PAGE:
The CBS (Dutch Bureau for Statistics) has shown that many young families are leaving the city, looking for more space and more affordable housing. These families often want to stay close to the city and therefore move to neighbouring towns or suburban areas. What does this mean for their food provisioning strategies? Where do these people buy most of their food and to what extent are they constrained by what is on offer locally? To what extent to they (still) use the city for their food provisioning, such as going out to dinner or visiting specialty shops? To what extent is such ‘urban food’ available in suburban areas? And how does this relate to people’s lifestyles and identities?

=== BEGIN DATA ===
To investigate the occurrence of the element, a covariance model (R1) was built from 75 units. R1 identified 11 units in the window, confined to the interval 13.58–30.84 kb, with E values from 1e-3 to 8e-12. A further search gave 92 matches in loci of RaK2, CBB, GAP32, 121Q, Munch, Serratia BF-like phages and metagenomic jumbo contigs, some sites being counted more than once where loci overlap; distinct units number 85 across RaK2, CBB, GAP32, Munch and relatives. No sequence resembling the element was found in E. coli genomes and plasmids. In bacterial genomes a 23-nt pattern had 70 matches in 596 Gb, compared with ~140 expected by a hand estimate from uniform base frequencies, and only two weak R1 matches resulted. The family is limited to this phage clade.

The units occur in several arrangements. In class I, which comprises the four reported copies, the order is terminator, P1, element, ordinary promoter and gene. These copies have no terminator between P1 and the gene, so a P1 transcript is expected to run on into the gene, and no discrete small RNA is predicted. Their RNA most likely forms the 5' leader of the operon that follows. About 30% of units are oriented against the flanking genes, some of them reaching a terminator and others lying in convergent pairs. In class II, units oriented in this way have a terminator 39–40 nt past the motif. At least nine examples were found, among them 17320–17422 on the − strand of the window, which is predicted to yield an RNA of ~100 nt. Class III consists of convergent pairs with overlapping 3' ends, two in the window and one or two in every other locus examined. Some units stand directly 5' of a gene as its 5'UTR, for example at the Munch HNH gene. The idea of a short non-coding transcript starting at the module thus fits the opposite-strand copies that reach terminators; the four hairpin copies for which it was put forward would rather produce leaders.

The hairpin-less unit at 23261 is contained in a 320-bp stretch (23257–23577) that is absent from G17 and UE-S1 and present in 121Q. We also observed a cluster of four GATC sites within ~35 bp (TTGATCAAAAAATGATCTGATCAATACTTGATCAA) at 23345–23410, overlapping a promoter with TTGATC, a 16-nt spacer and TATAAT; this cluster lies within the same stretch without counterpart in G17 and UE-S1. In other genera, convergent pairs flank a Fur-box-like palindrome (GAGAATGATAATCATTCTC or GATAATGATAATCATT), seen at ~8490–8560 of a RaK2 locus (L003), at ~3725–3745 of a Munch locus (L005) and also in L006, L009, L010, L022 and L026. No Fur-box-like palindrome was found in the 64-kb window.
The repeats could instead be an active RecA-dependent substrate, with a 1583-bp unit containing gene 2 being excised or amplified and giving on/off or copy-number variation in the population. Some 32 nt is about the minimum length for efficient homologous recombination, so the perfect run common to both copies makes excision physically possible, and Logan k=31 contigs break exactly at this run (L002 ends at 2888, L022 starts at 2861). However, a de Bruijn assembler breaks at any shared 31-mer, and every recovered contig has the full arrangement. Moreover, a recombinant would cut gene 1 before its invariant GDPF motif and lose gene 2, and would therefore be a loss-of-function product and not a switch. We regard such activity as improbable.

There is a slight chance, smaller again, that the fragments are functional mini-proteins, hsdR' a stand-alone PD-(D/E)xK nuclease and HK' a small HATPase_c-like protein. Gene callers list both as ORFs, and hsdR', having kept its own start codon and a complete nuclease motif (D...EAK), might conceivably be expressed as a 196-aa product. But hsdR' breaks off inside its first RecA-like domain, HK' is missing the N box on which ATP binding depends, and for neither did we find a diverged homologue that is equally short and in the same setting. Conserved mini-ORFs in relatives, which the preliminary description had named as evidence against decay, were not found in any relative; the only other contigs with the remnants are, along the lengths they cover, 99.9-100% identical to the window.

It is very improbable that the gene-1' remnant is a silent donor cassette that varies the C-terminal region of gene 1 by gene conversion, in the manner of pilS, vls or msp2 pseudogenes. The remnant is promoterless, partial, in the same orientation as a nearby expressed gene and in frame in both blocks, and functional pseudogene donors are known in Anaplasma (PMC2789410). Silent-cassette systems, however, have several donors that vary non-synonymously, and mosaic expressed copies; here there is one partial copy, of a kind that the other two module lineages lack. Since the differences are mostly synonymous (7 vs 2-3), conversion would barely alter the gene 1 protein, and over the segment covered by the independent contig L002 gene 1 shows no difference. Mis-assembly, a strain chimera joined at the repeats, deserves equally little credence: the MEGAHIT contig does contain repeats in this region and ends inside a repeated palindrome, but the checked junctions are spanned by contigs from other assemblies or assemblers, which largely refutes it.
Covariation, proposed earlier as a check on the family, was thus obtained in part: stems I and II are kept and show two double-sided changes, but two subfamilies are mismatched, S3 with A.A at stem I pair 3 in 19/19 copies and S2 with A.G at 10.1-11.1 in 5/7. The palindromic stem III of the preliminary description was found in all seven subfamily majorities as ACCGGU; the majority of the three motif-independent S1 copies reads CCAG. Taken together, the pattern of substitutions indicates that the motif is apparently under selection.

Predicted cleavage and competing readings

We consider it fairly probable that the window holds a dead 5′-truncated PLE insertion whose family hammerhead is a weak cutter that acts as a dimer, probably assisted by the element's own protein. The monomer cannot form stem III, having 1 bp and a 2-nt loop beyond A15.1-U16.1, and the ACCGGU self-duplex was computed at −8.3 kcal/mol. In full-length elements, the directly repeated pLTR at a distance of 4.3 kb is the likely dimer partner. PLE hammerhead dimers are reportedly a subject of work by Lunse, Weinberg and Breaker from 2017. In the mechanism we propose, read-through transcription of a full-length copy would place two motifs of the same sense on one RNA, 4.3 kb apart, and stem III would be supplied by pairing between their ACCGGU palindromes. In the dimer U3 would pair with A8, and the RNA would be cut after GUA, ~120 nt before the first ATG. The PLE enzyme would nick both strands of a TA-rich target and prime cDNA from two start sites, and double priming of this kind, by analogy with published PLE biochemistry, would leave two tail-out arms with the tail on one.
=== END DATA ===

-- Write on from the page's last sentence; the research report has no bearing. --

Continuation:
The urban food landscape is in constant transition, but we do not clearly know how people engage with their everyday food planning – where do they go, what choices do they make, and what practical considerations do they take into account? Answering such questions will help us better understand people’s food provisioning practices, and how to make these practices more sustainable and healthy.
We are looking for a thesis student interested in these questions, and willing to do a thesis with the Rural Sociology Group, starting spring 2018. Interested? Send a short motivation to firstname.lastname@example.org and email@example.com.